Ryanair diary: One Night in Barcelona’s Girona Airport
In the spring of 2006, I was able to score some super-cheap tickets on Ryanair for a last-minute getaway to Barcelona from London, where I was living. It had been a great weekend, made possible I only had to pay the airport tax. The catch? I had to fly into and out of two less-than-central airports, London’s Stansted and Barcelona’s Girona airport. It was worth it, right?
What follows is a diary of my flight experience en route from Barcelona to London.
4:30 PM: I arrive early at the airport for a 6 PM flight. We all know you have to get to the gate before the other passengers in order to snag the best seat.
5:00 PM: Shortly after check-in, an announcement is made. The flight has been delayed an hour.
Ok, some extra time to score a panini at Girona’s atmospheric café. (In the above photo, do I look like I’m ready for take-off?)
Tip: Stock up on food, just in case. Girona’s airport café closed at 9 p.m. I’m glad I grabbed a sandwich when I did. Others would not be so lucky.
7 PM: A second announcement. The flight has been delayed for another hour. All assembled groan and pull out iPods, books and approved electronic devices. One nearby traveler starts clipping his nails over a waste basket, violating all manner of social codes (are clippers even allowed on airplanes?).
8:15 PM: A third announcement. Drum roll, please: The flight has been delayed for another two hours. The announcer says, with a tinge of exhaustion in her voice, “We hope to leave by 11. Thank you for your patience.” The thought of work the next morning was beginning to make me vaguely nauseous.
Around 10 PM: Boredom sets in. All other flights have taken off. The airport feels empty, save the other poor souls flying to Stansted. With hardly anyone around, I attempt to fit myself, horizontally, into a row of seats in any way that could lead to sleep. I am not successful.
Above: Nothing happening under flourescent lights.
Tip: Bring back-up diversions. That could mean catching up on your trip journal, watching all the TV shows you earlier loaded up on your iPod, making progress on that novel, or even flipping through some celeb mags. In short, have something to do. I had packed “Madame Bovary,” which only helped put me to sleep.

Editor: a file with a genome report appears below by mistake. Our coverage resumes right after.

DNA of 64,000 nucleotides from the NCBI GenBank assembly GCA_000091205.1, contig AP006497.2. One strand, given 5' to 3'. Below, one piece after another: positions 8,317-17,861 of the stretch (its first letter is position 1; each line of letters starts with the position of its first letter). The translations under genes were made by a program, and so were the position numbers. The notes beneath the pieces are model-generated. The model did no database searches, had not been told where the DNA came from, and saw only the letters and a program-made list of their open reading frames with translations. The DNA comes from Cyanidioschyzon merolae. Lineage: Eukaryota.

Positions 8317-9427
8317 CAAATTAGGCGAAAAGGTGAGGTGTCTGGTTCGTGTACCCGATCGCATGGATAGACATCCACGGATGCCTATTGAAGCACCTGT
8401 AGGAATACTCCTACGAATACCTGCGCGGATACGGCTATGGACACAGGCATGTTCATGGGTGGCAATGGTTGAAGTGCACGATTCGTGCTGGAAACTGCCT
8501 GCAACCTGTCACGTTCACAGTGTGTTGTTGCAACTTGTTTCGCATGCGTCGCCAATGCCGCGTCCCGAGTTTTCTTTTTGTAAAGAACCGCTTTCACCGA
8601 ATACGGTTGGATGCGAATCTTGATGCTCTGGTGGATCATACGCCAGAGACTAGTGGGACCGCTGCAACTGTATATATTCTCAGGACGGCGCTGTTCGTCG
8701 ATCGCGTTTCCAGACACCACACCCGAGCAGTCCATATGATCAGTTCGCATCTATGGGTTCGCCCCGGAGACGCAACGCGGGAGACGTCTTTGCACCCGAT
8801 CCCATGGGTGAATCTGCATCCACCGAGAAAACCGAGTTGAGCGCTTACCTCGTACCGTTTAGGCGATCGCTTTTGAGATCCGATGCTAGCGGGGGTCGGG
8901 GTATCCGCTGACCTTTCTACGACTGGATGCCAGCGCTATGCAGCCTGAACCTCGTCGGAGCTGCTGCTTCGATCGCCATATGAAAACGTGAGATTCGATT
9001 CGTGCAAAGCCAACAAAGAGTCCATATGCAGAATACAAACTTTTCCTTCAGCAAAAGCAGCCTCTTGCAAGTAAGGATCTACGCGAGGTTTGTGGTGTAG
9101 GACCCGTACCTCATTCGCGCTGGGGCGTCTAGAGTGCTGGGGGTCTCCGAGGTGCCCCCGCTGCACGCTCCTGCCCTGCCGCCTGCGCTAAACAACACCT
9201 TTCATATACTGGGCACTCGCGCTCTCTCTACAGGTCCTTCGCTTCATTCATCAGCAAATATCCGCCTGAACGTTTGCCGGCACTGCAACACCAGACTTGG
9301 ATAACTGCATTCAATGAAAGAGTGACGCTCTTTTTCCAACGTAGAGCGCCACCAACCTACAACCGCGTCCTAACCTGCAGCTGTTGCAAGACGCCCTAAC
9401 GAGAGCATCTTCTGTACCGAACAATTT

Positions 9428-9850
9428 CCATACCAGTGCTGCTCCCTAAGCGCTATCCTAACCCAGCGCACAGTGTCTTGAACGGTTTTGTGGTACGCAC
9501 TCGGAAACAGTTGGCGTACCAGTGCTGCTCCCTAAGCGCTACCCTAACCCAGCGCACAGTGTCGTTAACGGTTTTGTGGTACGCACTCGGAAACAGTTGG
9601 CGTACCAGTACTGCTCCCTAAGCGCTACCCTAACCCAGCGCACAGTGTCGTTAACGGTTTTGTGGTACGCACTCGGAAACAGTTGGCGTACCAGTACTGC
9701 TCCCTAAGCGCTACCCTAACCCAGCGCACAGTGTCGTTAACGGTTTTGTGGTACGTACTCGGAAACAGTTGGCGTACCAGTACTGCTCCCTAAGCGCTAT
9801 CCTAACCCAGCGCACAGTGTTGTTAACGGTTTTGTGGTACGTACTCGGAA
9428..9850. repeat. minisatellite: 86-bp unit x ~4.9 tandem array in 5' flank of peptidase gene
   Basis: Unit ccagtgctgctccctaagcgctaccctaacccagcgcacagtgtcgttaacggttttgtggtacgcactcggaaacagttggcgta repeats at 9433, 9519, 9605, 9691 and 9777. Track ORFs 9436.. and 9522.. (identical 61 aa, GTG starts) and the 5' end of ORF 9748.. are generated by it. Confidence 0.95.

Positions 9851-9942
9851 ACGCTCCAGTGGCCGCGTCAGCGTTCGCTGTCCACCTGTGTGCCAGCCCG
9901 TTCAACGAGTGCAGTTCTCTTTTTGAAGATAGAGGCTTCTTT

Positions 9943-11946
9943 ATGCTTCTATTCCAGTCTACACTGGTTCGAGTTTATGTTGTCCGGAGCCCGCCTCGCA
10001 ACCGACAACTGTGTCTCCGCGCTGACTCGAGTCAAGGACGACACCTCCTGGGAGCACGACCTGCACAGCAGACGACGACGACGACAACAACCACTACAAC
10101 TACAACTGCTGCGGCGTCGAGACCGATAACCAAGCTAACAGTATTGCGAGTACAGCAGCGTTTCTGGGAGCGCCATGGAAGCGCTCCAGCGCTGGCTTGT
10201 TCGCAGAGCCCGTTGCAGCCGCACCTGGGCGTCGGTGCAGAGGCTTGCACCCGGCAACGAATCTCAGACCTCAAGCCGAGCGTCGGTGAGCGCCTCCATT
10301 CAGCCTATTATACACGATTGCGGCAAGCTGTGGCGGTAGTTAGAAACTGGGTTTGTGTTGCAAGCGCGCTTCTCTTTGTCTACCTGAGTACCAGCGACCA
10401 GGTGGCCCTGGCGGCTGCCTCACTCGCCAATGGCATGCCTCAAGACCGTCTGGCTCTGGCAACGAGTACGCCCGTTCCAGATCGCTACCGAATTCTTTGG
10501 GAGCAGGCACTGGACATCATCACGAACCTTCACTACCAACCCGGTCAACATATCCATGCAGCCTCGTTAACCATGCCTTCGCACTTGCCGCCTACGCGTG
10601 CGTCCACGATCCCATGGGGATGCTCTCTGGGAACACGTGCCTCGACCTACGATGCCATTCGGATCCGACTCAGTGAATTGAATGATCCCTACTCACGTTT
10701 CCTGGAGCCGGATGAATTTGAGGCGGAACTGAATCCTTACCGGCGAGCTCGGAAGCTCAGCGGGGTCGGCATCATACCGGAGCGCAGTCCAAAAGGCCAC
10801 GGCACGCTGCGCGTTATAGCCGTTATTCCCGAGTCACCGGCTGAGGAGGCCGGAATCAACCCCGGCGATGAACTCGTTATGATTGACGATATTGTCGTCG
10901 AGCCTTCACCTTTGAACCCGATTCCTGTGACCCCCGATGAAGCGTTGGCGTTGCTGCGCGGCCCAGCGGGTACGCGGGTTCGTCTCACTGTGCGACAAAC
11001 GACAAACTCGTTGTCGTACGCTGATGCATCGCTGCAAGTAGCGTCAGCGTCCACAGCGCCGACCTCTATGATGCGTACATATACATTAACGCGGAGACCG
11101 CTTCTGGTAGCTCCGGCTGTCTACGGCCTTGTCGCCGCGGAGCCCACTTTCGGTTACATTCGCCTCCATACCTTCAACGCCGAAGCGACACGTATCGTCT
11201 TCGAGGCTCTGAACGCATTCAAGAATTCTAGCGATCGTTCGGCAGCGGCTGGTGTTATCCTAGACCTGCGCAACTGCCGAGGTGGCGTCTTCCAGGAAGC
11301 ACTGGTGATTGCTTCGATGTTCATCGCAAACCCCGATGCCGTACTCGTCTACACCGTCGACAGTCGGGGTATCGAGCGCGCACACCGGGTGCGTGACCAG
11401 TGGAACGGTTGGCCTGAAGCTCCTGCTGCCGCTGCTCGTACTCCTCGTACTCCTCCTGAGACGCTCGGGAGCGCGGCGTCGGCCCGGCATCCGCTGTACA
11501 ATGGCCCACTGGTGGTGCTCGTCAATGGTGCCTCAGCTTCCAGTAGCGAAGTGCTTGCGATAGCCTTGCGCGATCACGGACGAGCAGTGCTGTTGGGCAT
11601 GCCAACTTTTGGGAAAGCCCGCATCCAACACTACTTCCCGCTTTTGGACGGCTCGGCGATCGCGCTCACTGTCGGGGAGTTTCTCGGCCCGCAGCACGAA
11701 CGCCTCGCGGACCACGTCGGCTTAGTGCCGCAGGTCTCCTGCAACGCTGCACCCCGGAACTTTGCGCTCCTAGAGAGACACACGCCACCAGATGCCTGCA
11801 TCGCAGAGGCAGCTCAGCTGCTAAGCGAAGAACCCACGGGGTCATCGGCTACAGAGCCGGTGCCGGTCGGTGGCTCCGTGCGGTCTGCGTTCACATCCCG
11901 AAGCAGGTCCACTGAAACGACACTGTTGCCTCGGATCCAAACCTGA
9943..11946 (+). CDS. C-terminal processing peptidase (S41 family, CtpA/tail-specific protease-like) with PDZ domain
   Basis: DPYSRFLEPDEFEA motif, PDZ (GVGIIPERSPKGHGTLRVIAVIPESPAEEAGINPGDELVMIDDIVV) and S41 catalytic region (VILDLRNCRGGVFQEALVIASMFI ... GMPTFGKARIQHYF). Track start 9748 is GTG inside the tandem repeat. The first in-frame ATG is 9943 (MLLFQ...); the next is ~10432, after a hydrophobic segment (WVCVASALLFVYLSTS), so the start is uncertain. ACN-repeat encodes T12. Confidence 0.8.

11:30 PM: All other flights have left the Girona airport, and there’s still no sign of our airplane. The 20 Stansted-bound passengers are told we will not take off until after midnight. No excuse is given.
Tip: Make friends…if there are any out there. At some point after midnight, I found myself chatting with a couple from Los Angeles. A bottle of vodka became open. (Glad they took advantage of Duty Free when it was open…hours ago.) I pass up a shot (work seems ludicrously close), but others around happily partake. The mood lifts… and distorts.
1:30 AM: We take off, nine hours after my arrival at the airport.
Tip: Know when to go! Turns out there’s more than one good reason not to check any luggage on a budget flight. If you’re delayed, you could risk missing the last bus out of the arrival airport.
2:30 AM: We arrive at Stansted and immediately there’s a mad dash for the bus to London. And for good reason: The last one leaves the airport at 3 am (and sometimes earlier, depending on reasons I couldn’t quite understand). If you miss the last bus, you have to get a taxi, which can cost upwards of £60, or wait until 7 am when the buses start up again. I make the bus.
3:30 AM: I’m dropped off at Marble Arch on Oxford Street. What’s my name? Who am I? And how do I get a taxi? Work the next morning was, well, another story…
In the end, this experience didn’t deter me from flying on budget airlines. Over the next year, I’d often take cheap flights, including easyJet and Aer Lingus, for quick getaways. But I learned something about flexibility that long night in Girona.